you will say motion away from you is
positive and motion towards you is the
negative. However, from my point of view
motion away from you (your positive
direction) is motion towards me (my

negative direction). Who is correct?


It turns out that we are both right! All descriptions of motion depend on some point of
view. You and I will only agree on our description of the motion if we agree to use the
same point of view to describe it. In physics we call the point of view used to describe
motion the frame of reference. The most common frame of reference used to describe
every day motion is the surface of the earth (and the normal compass directions with
North & East being positive and South & West being negative). To summarize what we
have just said, all descriptions of motion are relative to a frame of reference.
Different points of view will cause different descriptions of motion.

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Unit 2

Now that we have a good handle on how to describe the result of motion (to answer the
question: How Far?) we need to look a little more closely at how the motion happened. To
do this we ask the question: How Fast?
Because we have two ways of describing how far something went, we will have two ways
of describing how fast it moved to get there. Both of these quantities can be described as
the rate at which something happens. We usually associate the word rate with
describing how something changes over time and that is what is meant here. So, when
we say How Fast? do we mean how fast are we covering distance OR do we mean how
fast are we being displaced? Actually, we could mean both.
Speed describes how fast we are covering distance and is related to the path we are
traveling. The more technical definition would be that speed is the rate at which distance
traveled is changing OR speed is how distance traveled changes over time.
Velocity describes how fast we are being displaced. Since displacement does not
depend on the path being traveled, neither does velocity. Velocity tells me how fast I am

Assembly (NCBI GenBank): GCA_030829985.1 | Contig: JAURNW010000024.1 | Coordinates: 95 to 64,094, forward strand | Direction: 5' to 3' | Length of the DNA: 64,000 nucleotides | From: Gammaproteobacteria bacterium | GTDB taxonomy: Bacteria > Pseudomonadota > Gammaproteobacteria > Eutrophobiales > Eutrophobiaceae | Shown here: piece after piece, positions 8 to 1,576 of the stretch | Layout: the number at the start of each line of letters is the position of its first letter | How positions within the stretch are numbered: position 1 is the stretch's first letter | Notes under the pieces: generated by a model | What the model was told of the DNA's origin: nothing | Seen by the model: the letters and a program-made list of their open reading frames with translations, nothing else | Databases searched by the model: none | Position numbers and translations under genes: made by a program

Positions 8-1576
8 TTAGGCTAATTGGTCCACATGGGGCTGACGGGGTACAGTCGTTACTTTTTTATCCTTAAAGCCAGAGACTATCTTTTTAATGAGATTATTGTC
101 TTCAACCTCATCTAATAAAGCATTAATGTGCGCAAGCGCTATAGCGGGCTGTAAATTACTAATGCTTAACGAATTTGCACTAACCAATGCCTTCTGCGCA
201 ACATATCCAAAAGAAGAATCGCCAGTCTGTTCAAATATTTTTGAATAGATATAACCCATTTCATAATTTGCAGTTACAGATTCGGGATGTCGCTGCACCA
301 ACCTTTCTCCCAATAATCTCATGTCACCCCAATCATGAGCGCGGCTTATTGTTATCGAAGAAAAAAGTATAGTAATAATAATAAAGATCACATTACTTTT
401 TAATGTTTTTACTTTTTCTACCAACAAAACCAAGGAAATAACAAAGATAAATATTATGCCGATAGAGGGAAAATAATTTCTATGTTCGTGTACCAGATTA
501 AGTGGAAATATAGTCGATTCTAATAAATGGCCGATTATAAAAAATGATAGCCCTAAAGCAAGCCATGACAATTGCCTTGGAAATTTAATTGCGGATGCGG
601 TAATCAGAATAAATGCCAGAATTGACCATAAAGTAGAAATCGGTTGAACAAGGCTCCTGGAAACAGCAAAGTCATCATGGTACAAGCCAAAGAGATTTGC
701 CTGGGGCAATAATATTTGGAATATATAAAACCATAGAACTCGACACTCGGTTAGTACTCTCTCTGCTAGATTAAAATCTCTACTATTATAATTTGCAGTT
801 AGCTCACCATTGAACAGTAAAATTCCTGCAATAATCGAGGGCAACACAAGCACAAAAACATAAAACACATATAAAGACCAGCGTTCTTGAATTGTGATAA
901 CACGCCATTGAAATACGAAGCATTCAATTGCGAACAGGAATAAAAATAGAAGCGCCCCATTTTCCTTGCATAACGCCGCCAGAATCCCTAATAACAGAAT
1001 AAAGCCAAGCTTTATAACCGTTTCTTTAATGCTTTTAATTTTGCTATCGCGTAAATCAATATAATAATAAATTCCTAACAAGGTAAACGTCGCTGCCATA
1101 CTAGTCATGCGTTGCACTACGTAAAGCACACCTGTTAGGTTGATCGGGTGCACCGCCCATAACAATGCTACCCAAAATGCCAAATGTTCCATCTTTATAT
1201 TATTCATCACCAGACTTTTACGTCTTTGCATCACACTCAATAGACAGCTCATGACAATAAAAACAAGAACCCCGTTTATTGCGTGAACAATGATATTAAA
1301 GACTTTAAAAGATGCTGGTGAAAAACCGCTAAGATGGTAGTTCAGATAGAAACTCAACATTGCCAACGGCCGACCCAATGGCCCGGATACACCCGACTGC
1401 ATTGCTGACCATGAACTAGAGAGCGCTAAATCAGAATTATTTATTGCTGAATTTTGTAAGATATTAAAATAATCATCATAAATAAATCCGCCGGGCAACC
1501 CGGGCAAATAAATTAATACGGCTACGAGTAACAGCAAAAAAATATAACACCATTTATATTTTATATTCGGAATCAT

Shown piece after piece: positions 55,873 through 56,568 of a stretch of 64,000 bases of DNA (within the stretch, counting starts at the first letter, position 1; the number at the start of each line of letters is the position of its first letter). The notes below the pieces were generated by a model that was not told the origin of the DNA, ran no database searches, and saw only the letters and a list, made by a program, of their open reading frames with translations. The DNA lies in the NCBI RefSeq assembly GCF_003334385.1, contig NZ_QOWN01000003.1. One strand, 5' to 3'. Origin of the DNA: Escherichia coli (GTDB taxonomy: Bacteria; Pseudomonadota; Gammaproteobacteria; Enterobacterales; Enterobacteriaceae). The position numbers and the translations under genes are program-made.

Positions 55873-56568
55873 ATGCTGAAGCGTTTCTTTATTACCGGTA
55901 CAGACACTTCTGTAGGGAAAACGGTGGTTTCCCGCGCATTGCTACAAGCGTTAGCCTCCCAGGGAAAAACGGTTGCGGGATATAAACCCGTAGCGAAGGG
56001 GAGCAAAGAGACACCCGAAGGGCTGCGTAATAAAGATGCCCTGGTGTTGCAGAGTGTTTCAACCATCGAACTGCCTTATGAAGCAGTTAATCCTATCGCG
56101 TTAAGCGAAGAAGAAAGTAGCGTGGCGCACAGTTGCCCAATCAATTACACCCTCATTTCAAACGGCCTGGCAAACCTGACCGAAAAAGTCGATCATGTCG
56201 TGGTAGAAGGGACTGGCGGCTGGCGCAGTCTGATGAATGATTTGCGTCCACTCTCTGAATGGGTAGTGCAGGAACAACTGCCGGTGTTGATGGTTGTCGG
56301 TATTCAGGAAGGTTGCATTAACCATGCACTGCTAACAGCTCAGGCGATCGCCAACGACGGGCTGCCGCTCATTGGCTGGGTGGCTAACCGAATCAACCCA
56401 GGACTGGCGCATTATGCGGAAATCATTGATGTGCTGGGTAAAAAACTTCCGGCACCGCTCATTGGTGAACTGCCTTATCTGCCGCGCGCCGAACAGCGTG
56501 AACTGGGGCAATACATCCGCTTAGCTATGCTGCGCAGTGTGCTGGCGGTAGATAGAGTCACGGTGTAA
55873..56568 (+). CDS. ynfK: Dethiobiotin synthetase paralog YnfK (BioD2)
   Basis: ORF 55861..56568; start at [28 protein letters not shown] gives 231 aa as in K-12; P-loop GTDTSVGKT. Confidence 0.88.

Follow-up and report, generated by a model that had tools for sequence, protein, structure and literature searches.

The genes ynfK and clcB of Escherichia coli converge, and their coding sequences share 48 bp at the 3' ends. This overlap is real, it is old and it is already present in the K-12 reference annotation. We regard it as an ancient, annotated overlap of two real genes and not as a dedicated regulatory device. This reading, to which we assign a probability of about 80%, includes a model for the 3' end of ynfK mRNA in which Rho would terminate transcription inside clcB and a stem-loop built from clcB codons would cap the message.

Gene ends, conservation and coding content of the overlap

making progress towards my destination. A more technical definition would be that
velocity is the rate at which displacement is changing OR velocity is how displacement
changes over time. Because displacement is a vector quantity and refers to a specific
direction, velocity is also a vector quantity.

START

Speed along the path

Velocity towards ending point

END

The definitions of speed and velocity suggest how we can go about calculating them.
Because we are talking about how things change, we will want to know the distance or
displacement at two different times in order to find the speed or velocity. Then,

change in distance
Speed = change in time
change in displacement
change in time

and

Velocity =

Clearly, we need a better way to write this. Because distance and displacement are both
used to represent how far they have the same symbol, x. We can distinguish between
distance and displacement by adding something to show that displacement has direction
--- well draw an arrow over the x to indicate displacement. So,
distance = s
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and

displacement =

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HL Physics 1

Unit 2

Similarly, since speed and velocity both answer the question how fast they will have
the same symbol, v. To distinguish between speed and velocity, we will use the arrow to
show that velocity has direction. So,
speed = v

and

velocity =

Finally, we need a shorthand way to show change in. We will use the greek letter
(delta) to stand for change in. Putting it all together, we can define how to calculate
speed and velocity:
(speed) v =

s
t

and

(velocity)

v =

s
t

We need to make one more distinction. Because these two quantities that we have
defined have to occur over an interval, we call them average speed and average
velocity. The term average means that we need to know two distances or two
displacements to calculate the quantity. It might also be nice to know the speed or
velocity at one instant in time. We call this instantaneous speed or instantaneous
velocity. We will develop more equations that will allow us to calculate the
instantaneous speed or velocity as we go along. For now, a practical definition will be as
follows:
To find instantaneous speed or velocity you must use the smallest time
interval that you can measure.
Motion Graphs
We can represent any motion by drawing one or more graphs that show how different
descriptive quantities depend on time. The most useful graphs to make are position vs.
time, velocity vs. time and acceleration vs. time. Right now, we can only work with two of
these --- position vs. time and velocity vs. time.
A typical position vs. time graph might look like the following graph.
160

position (m)

120
80
40
0

10

20

30

time (sec)

and the

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40

50

We can use this graph to find the distance


traveled or the displacement for any interval
of time. For example, between 0 and 10
seconds we moved from position 0 m to
80 m away. This means that the distance